A Toothache Can Kill You

As a dentist in private practice, I see all types of outlooks and attitudes regarding toothaches and other dental conditions. I see some patients who are deeply concerned to others who say “it’s just a tooth.” Others will state something like “it’s not hurting so why should I do something about it?”

When I see a patient with an obvious infection, I will often times say something like this: “you have an infection with about 100 billion nasty bacteria less than 2 inches from your brain. Are you sure you want to ignore this?”

Let’s look at a recent case I saw in my office.

Large Dental Abscess on the Lower Right

I saw the following patient who showed up in obvious pain:

Toothache abscess with swelling face photo of patient

This patient came to us with a golf ball size swelling on his lower right. The culprit? A tooth!

In the above photo, you can see the obvious swelling. After an exam, it was apparent the serious infection was originating from a tooth. I was very blunt with the patient. Either you get treatment now, or you will likely be in the ER getting ready for emergency surgery in less than 48 hours.

Want to see how it ended? Then watch our YouTube video below:

Infections like this – assuming they are not so advanced so as to require hospitalization with emergency surgery – are nearly always treated using the adage “cold steel and sunshine.” This expression is referring to extraction. The tooth is removed with “cold steel” and then the roots are exposed for the first time to “sunshine”. By removing the tooth, the source of the infection is removed, the pus drains, and in nearly all cases your immune system can fight off the infection.

How an Infected Tooth can Kill You

Many individuals are still skeptical that a tooth infection can kill you. After all, it’s just a tooth some will say. Well, if you read the stories located here, here, and here, you’ll see this is not a myth. It can happen.

So how does it happen? One of the more common causes is that the infection spreads to your brain. See the photo below:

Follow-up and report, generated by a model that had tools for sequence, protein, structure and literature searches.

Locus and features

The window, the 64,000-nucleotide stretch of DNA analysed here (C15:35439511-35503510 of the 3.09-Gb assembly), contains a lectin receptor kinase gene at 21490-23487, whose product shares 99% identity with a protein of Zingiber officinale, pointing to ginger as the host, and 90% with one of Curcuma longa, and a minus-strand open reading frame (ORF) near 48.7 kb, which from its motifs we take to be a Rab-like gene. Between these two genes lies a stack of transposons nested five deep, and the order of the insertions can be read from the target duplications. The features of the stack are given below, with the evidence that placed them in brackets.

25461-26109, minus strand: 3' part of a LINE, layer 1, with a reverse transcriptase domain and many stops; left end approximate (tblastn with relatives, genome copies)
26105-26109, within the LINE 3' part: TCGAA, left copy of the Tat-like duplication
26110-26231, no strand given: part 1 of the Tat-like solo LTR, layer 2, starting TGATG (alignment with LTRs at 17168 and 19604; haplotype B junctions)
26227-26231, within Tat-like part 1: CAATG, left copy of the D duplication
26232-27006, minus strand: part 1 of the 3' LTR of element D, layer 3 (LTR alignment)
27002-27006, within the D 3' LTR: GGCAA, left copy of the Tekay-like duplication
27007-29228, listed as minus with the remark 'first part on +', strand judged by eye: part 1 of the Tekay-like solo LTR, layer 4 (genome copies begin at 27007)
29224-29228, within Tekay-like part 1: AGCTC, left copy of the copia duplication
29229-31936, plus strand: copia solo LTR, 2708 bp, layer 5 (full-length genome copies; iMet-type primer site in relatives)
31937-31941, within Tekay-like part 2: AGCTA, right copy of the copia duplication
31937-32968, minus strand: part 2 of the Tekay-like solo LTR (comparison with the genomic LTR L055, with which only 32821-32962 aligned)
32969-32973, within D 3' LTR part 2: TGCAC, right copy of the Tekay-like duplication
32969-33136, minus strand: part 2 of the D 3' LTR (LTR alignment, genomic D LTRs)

Skull showing the proximity of the upper teeth to the brain.

Skull showing the proximity of the upper teeth to the brain. The roots are embedded in the bones of your skull and very close to your brain.

The above photo is that of a skull (which everyone knows). The bottom arrow points to the approximate location of the roots of an upper back tooth. In most cases, the infection (bacteria, pus, swelling) originates within the tooth but then enters the rest of the body through the tips of the roots. The top arrow points to the approximate location of the base of the brain. Now, this is a two dimensional photo of a three dimensional object (brain and skull). But you should be able to see that an infection with upper teeth roots places nasty, killer bacteria less than 2 inches from you brain!

If the nasty bacteria end up in the brain, it can fatal, and very quickly. It’s that simple. This is likely what happened in the case of Deamonte Driver.

Other Ways a Tooth Infection Can Kill You

There are other ways in which an infections associated with a tooth can be fatal:

  • Suffocation – no, I’m not joking. Infections associated with lower molars can lead to swelling of the throat, leading to collapse of your airway. You are simply unable to breath. This is most commonly seen in Ludwig’s Angina.
  • Heart Failure – I’m not joking with this either. The bacteria from a lower tooth can quite easily travel downward through the neck and set up around the heart. This can lead to issues with the heart and ultimately cause the heart to fail. An example of a case is located here.
  • And many other ways. Remember, teeth are part of your body too…
Ludwigs Angina

Photo of a case of Ludwig’s Angina. The swelling will literally cause your airway to close. Photo courtesy of wikipedia.

In summary, it’s important to not ignore a tooth infection, even if it does not hurt. You don’t want to be like the guy in our YouTube video!